A report released this month by the Centers for Disease Control and Prevention’s National Center for Health Statistics indicates a one-month decline from 2013 to 2014 in the average life expectancy of non-Hispanic white women (81.2 years to 81.1 years).
While these numbers do not seem extreme and do not include cause of death, National Center for Health Statistics demographer Elizabeth Arias investigated further. She discovered decreases in heart disease, cancer, and stroke—but those benefits were offset by an increase in suicide, liver disease, and substance overdose over the last 15 years.
This study arrives on the heels of a Princeton study reporting a rise in middle-aged white mortality rates, which researchers speculate could be due to increased suicides driven by a bad economy, as well as prescription, illegal drug, and alcohol overdoses.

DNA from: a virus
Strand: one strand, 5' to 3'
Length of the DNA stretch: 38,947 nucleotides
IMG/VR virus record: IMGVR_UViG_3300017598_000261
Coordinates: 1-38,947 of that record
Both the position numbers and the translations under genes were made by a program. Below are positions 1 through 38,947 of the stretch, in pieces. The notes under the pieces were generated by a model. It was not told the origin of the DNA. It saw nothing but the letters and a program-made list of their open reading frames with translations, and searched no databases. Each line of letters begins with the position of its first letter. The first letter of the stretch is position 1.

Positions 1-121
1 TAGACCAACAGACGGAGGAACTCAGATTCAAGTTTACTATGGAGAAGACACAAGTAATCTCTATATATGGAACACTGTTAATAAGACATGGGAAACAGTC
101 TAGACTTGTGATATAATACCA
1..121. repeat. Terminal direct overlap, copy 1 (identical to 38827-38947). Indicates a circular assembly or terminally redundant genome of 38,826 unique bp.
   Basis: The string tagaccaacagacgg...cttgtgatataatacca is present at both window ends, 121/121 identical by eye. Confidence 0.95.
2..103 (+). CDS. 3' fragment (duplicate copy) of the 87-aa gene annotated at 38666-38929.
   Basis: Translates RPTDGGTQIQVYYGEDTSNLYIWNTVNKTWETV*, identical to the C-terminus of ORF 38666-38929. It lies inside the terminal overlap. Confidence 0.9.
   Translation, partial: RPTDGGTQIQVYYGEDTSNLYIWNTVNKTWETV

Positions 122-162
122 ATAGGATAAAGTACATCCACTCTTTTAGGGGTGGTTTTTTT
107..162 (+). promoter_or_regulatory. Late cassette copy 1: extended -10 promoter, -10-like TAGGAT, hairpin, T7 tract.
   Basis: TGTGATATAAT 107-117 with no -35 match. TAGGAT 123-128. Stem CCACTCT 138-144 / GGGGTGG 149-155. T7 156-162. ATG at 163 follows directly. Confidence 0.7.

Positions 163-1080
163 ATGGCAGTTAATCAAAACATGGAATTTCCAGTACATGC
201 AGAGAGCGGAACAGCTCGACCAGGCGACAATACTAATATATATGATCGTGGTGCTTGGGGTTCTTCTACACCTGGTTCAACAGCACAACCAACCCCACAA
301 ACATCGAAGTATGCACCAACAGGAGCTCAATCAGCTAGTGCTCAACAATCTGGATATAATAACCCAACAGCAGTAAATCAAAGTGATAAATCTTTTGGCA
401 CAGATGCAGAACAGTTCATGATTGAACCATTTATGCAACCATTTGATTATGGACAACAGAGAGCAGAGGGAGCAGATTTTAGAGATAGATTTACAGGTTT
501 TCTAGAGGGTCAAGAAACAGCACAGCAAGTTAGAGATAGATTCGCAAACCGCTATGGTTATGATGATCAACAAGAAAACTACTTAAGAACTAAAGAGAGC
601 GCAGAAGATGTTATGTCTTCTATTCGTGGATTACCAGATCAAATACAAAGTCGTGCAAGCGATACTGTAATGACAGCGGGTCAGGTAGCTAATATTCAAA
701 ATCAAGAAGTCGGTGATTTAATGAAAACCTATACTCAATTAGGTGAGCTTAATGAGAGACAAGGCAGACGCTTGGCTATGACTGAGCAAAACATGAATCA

Ellen Meara, a professor at Dartmouth’s Institute for Health Policy and Clinical Practice, said these findings are surprising. “These are people for whom life expectancy is falling—and that’s happening at a time where everywhere else and for every other group we’re seeing all these amazing gains in survival,” she says. The overall U.S. mortality rate has been declining at an average of 2% per year.
“This is a deeply concerning trend,” says CDC Director Dr. Thomas Frieden. “We shouldn’t see death rates going up in any group in society.”
Fortunately, there was also good news in the NCHS study: a reported increase in average life expectancy for non-Hispanic black men—from 71.8 to 72.2 years—during the same period. Scholars attribute this change to declining rates of heart disease, cancer death, and homicide.